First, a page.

Although she has some great comebacks for street harassers, our hero Aya is otherwise as problematic as your typical Disney heroine. Luckily, the graphic novel "Aya of Yopougon" is really about Aya's lying, fighting, partying friends: Bintou and Adjoua. They're not role models; they're just teens in the Cote d'Ivoire, where virginity is paramount, but so is being "saved" by a man. A beautifully illustrated, happily skeptical story.
The House on Mango Street is all about voice. It's about being heard. It's about inventing new languages when the old ones don't work. In the author's words, it's about "the ugliest subjects I could find. The most unpoetic."
In real life, The House on Mango Street may not have been much to look at, but its story won the American Book Award and has become a required reading classic.
The freedom of being a librarian in the west during this time was unparalleled: women were trained to be respected and valued members of the community, trusted with the task of educating and exposing their neighbors to the literary lifestyle, and they had the option of seeking new work in a huge variety of locations. These "cultural crusaders" pioneered a profession that gave other women a chance to join in academic and educational pursuits as well as create a literary community wherever they went.
"Even Adorno, the great belittler of popular pleasures, can be aghast at the ease with which intellectuals shit on people who hold on to a dream" writes Lauren Berlant, who is not shitting on you or your dream. Her latest book, Cruel Optimism, is less brutal analysis than a dark, lush still-life of American fantasies and our Quixotic lunges toward them. An affective portrait of the 99%.
Although the Pentagon will soon ease restrictions on women in combat, a ban continues on women in infantry, keeping 200,000+ enlisted women out of promotions and leadership roles. So for all the ladies in the service: The Caine Mutiny, Herman Wouk's bitter caricature of male authority, plus a heavy dose of comedy.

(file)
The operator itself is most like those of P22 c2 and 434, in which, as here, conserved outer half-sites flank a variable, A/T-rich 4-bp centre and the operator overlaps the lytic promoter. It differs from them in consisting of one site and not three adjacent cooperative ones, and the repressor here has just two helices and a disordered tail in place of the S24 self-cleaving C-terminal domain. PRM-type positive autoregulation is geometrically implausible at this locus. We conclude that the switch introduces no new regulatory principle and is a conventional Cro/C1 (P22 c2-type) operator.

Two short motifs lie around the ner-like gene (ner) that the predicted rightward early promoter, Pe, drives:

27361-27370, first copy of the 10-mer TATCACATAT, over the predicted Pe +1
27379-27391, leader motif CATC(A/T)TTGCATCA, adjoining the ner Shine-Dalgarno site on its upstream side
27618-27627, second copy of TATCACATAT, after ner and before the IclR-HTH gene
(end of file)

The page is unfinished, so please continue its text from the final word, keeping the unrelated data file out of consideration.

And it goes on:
Blue Thread is a YA novel set in 1912 Portland, and follows the main character—sixteen-year old Miriam Josefsohn—in her discovery of, and growing involvement in, the women's suffrage movement. This isn't just historical fiction though—along with fighting for women's suffrage, Miriam travels through time using a prayer shawl handed down through the women in her family that contains blue thread from Joseph's Coat of Many Colors to encourage the Daughters of Zelophehad to petition Moses for women's right to inherit land in the absence of a male heir. It's in the Torah! Well, kind of.
It was inevitable that I would come down pretty hard on these books, but in my frustration I left out an important point: These guides are not "disgusting" works of bigotry. They're unassuming parenting guides right off the "Children with Special Needs" shelf of a mainstream bookstore. They're meant to help parents of autistic adolescents guide their children through the transition into adulthood, and in that regard they're perfectly well-intentioned.
The problem is that a text doesn't have to be overtly bigoted or hateful to exclude and become complicit in the oppression of gender non-conforming and non-heterosexual people.
In this blog series I want to look into "required reading," how it's taught, and what we (should/could) get out of it. Which classics take up the most space in the collective memory? Is there something worth remembering from the dudecentric classics of high school book lists? (I'm looking about you: To Kill a Mockingbird, Hamlet, The Great Gatsby, Great Expectations, Huck Finn, and Lord of the Flies) What about from Mrs. Dalloway, Beloved, and Pride and Prejudice? What makes literature unforgettable and important to fledgling feminists? And what new works should become required reading?
In this post and my next one, I'm taking a look at a selection of four parents' guides on autism and Asperger syndrome, to see how sex, sexuality, and gender are addressed. This is not a book review, but an overview of how these topics are presented in literature intended for parents of adolescents. Do these texts contribute to the erasure of autistic sexuality? What do the books have to say about gender?